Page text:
Medusa's Mirror: Studies in German Literature

By August Closs | Go to book overview

III
Tristan und Îsolt

GOTTFRIED VON STRASSBURG

Gottfried, not Walther, was the nightingale of perfect note. His romance of Tristan is as much song as story and has been rightly spoken of as a Hohelied der Minne, a high song of love.

M. F. RICHEY, The Medieval German Love Lyric

Tristan of Gottfried von Strassburg, which is, except for the Canterbury Tales and the Divina Commedia, the greatest poem of the Middle Ages.

R. S. LOOMIS, The Romance of Tristan and Ysolt


COURTLY LIFE AT THE TIME OF ELEANOR OF POITOU, BRERI, CHRESTIEN

GOTTFRIED'S Tristan und Îsolt (about 1210) belongs to the immortal treasures of the world's literature. His lyrical epic still makes a direct appeal to us today, for it is at once personal and impersonal as every true work of art should be.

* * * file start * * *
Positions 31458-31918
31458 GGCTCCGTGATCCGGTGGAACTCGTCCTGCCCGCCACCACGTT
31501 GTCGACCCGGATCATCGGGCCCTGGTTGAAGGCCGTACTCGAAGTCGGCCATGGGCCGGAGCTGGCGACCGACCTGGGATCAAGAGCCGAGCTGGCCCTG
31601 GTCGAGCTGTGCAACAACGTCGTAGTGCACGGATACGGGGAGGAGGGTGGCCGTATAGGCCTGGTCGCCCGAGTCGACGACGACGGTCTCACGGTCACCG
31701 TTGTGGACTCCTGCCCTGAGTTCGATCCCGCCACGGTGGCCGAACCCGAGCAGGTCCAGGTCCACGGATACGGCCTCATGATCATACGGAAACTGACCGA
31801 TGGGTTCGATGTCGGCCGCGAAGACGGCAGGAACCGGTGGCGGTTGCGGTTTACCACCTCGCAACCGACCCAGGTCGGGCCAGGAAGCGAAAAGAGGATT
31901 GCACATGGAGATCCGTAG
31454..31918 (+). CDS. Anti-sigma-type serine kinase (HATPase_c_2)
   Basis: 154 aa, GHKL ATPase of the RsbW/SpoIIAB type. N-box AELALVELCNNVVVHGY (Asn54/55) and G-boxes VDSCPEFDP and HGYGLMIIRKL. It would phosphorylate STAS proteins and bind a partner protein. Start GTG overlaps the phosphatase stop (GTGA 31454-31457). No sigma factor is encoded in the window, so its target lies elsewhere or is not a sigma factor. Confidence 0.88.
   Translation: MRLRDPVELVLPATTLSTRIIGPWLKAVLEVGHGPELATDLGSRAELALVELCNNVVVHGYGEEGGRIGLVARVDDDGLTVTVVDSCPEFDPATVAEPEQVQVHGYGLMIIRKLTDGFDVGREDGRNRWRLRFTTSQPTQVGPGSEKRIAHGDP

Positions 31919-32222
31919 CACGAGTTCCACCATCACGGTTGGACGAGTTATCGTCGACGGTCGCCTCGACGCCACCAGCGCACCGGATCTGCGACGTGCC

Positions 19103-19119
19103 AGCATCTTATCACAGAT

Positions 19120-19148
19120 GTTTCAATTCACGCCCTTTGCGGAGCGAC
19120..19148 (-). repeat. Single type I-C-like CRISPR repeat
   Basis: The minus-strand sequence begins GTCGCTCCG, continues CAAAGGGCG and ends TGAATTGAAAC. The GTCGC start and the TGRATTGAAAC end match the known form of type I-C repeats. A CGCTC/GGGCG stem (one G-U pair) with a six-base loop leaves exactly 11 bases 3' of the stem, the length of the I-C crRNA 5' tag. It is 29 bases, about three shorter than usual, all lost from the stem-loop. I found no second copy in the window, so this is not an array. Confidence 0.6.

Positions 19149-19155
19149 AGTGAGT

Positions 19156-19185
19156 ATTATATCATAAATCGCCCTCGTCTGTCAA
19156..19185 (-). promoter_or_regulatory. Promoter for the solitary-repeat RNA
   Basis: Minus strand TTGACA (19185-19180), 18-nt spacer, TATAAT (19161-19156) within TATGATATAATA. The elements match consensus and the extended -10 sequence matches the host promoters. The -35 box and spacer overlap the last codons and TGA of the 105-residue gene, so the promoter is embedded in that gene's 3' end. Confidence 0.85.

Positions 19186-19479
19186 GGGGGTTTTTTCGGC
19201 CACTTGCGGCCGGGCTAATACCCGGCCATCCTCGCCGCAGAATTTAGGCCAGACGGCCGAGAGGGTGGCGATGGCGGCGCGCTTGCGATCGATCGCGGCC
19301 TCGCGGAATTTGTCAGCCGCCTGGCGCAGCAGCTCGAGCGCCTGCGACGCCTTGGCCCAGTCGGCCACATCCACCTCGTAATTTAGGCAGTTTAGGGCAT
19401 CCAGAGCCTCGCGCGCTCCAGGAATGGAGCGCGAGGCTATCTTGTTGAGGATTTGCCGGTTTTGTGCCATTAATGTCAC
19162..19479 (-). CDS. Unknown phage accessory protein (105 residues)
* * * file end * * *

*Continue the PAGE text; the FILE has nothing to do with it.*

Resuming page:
After more than seven hundred years Tristan und Îsolt provides a mine of material for the student of comparative literature -- a material rich in legends, fairy tales, mythological, Celtic and Classical motifs, whilst modern poets are still irresistibly drawn to the fierce and passionate tale that underlies the medieval romance. But indeed the very graceful form in Gottfried's work clothes a sensibility and ideas of unexpected profundity which verge on the metaphysical and make his poem appear almost as the gospel of a religious faith, the religion of Minne.

Many scholars are unjustifiably inclined to exalt the ethical values of Wolfram Parzival at the expense of Gottfried's 'aestheticism'. Both poets in their own way created works of

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